Vice President of Strategy Alissa Winzeler-Cotton, Ph.D., found a perfect marriage of her molecular biology and healthcare consulting backgrounds at Syapse. Today, she leads a team of strategists in shaping the company’s core offerings and setting a vision for the future of Syapse.
What brought you to Syapse?
I consider this my third career. I started off as a scientist and did my Ph.D. in Developmental Biology and Neurobiology at Stanford. I loved the problem-solving side of science, but I wanted to work with teams and do something that felt more meaningful to me personally in the actual day-to-day work. So I moved on to management consulting at McKinsey, where I focused on healthcare and working with providers at large health systems, very similar to the customers we work with at Syapse. I really loved the mission-driven orientation of healthcare providers, and I appreciated the opportunity to experience what it really means to deliver healthcare.
One thing that really struck me during my time consulting for these large health systems was how much unharnessed potential there was in the data that was routinely collected in the course of patient care. It felt like providers were only scratching the surface of what they could learn to improve patient care, if only they were able to integrate the information and ask the right questions.
I left consulting when I had my daughter, and as I thought about what I wanted to do next, my first instinct was to find a company that was improving patient care by turning all of that disparate data into meaningful insights. I spoke to a number of companies in several spaces, but didn’t really find the right fit. Then Syapse reached out to me.
When you join an early-stage company you want to make sure it has legs and that it really has the potential to be that next unicorn. The first role that we talked about wasn’t quite the right fit, but I was so intrigued by the company’s potential that we kept talking.
Eventually I talked to Ken [Tarkoff, CEO], who was just joining Syapse himself at the time, coming from RelayHealth within McKesson. He had grown RelayHealth from a small company into a larger one that got acquired by McKesson, and then continued to lead the company for years as it grew within McKesson. We basically had an hour-long conversation where he let me just ask him questions: How do you think about leadership? What did you learn at McKesson? What does it take to grow a small company into a large one? What are some challenges and lessons you’ve learned? I thought he had the right experience to make the company a success, and I was impressed by his thoughtfulness and transparency. So when we finally landed on the idea of creating a Strategy function at Syapse, it was an easy decision.
What started as an individual contributor role on the client side became the opportunity to lead a team and work directly with the CEO to help build a company and figure out all the adjacencies we can move into after establishing a strong foundation. So, in summary, what led me to choose Syapse was a combination of the company’s potential, the interesting problem space, the willingness to find the right application of my skills, and my confidence in the leadership.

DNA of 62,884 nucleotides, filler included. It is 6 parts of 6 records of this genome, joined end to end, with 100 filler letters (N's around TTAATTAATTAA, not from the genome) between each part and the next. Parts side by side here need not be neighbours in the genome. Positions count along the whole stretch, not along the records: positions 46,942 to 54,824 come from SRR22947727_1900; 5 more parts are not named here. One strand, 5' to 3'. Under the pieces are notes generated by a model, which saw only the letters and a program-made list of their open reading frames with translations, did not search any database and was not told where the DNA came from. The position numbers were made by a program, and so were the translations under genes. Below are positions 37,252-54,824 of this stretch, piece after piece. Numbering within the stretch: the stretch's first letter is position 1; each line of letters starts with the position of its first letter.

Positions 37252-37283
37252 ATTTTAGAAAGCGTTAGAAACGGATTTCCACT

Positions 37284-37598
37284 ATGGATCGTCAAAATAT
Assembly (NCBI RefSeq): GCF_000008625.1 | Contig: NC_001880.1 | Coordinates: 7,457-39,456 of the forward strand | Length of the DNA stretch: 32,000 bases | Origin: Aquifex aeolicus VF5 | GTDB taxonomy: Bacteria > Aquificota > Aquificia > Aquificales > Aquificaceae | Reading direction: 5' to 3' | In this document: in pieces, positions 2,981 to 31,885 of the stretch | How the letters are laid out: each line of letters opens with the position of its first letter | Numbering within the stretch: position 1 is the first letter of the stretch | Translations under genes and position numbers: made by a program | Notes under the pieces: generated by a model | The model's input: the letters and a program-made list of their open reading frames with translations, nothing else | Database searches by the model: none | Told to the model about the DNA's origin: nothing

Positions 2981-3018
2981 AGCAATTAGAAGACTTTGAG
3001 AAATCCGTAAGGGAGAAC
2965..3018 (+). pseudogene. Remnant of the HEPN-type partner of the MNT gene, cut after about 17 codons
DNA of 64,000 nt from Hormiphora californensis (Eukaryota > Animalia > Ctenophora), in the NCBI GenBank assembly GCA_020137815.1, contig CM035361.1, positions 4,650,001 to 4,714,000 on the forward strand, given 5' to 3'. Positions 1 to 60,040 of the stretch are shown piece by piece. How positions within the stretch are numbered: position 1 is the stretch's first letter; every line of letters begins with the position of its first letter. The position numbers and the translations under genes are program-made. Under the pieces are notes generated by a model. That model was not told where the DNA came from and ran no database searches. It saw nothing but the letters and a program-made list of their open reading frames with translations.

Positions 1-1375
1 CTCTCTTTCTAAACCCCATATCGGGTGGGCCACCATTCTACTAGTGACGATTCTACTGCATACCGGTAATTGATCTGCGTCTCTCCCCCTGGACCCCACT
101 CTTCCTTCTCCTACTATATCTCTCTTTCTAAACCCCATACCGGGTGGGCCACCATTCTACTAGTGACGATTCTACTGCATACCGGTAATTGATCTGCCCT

Was there an ‘Aha!’ moment during the recruiting process when you knew you wanted to join Syapse?
It was two things. The first was the company in the most literal sense. When I heard what Syapse was doing I thought, “This is amazing!” When I was in grad school it was a bit mystifying to me how little of the nuance of what we were doing in the lab made it into clinical practice. Historically, the focus of a lot of drug development has been to just take a whole array of small molecules and throw them at things and see what works. You’d be shocked at how little we know about the molecular mechanisms underlying many of the drugs we use every day. Now we’ve mostly exhausted that trove of initial small molecules and researchers need to be more directive and thoughtful about how they develop therapies. Being able to bridge that gap and leverage real-world data to support better therapies and bring data into clinical care — in a molecularly-driven way, which is my background — I knew I wanted to talk to Syapse.
The second was what I mentioned earlier, the process of aligning on the job description. Even though the first role wasn’t the right fit, we kept talking and talking to figure it out and that continued conversation was great. Once we landed on the right strategic function it was easy to say “yes”.
When you’re talking to friends and family about what you do at Syapse, how do you explain your role?
I describe it as a deeply embedded consulting team within Syapse. We have a number of portfolio projects that we work on, from partnership strategy to data strategy to customer success, as well as corporate strategy (talking to the board and investors), and the Syapse Precision Medicine Council. A lot of big companies have strategy teams that focus exclusively on the 5-year plan and making big deals. We do some of that, but we spend most of our time on the things that are going to make the company successful in a much shorter time frame.